Chapter 11 | Thinking Better Of It | The Adventures of Don Lavington

Chapter Eleven.

Don stood looking at Jem Wimble for some few minutes in silence, as if the sight of some one else in trouble did him good. Then he sat down on the stock of an old anchor, to begin picking at the red rust scales as he too stared at the ships moored here and there.

The tall masts and rigging had a certain fascination for Don, and each vessel seemed to offer a way out of his difficulties. For once on board a ship with the sails spread, and the open sea before him, he might cross right away to one of those beautiful lands of which Mike had spoken, and then—

The thought of Mike altered the case directly, and he sat staring straight before him at the ships.

Jem was the next to break the silence.

“Thinking you’d like to go right away, Master Don?”

“Yes, Jem.”

“So was I, sir. Only think how nice it would be somewhere abroad, where there was no Sally.”

“And no Uncle Josiah, Jem.”

“Ay, and no Mike to get you into trouble. Be fine, wouldn’t it?”

“Glorious, Jem.”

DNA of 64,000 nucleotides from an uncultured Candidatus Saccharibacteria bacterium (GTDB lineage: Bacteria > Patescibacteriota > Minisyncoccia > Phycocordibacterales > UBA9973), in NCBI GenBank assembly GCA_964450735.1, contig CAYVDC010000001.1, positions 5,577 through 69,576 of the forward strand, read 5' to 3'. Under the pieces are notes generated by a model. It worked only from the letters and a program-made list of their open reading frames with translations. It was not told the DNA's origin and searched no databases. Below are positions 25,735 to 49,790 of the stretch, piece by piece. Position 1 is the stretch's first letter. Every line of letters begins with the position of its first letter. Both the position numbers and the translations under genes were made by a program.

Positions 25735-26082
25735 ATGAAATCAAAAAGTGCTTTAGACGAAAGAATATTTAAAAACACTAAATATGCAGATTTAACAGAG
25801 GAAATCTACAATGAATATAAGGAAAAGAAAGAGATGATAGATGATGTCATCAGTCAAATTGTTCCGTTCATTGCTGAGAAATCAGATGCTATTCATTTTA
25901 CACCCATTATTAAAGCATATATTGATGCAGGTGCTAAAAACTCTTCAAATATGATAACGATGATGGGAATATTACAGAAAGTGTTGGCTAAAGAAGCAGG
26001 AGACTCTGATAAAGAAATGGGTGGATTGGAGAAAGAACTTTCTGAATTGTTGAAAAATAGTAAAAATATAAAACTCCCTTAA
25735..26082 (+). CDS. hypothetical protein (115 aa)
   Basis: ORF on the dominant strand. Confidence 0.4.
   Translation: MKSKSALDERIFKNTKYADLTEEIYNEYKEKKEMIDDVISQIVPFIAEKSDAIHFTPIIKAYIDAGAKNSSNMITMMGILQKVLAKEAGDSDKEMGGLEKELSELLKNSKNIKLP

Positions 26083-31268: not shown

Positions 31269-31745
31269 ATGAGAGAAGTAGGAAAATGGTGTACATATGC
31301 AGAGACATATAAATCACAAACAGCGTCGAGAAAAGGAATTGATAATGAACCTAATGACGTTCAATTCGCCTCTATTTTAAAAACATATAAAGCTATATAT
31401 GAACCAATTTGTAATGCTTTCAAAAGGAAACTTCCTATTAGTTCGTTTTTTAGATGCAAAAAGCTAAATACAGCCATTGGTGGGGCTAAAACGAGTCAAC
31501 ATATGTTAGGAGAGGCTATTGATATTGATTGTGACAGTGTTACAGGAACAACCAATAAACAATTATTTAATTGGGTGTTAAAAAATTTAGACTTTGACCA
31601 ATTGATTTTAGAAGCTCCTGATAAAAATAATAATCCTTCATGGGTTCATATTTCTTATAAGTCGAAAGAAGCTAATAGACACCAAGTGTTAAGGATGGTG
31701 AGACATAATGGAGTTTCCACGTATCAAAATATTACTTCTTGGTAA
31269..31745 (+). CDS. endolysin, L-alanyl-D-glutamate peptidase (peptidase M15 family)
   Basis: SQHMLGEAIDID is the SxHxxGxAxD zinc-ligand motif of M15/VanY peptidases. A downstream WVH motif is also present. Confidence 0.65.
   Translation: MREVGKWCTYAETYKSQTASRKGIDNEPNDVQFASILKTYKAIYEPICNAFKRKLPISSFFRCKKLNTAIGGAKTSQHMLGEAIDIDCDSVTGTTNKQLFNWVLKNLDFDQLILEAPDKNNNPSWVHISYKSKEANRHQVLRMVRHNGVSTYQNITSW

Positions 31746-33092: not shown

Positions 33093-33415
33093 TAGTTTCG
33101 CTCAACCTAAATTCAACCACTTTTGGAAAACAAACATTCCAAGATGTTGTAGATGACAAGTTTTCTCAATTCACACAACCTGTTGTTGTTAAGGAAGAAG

“Mean to go, Master Don?”

“What, and be a miserable coward? No.”

“But you was a-thinking something of the kind, sir.”

“Yes, I was, Jem. Everybody is stupid sometimes, and I was stupid then. No. I’ve thought better of it.”

“And you won’t go, sir?”

“Go? No. Why, it would be like saying what Mike accused me of was true.”

“So it would, sir. Now that’s just how I felt. I says to myself, ‘Jem,’ I says, ‘don’t you stand it. What you’ve got to do is to go right away and let Sally shift for herself; then she’d find out your vally,’ I says, ‘and be sorry for what she’s said and done,’ but I knew if I did she’d begin to crow and think she’d beat me, and besides, it would be such a miserable cowardly trick. No, Mas’ Don, I’m going to grin and bear it, and some day she’ll come round and be as nice as she’s nasty now.”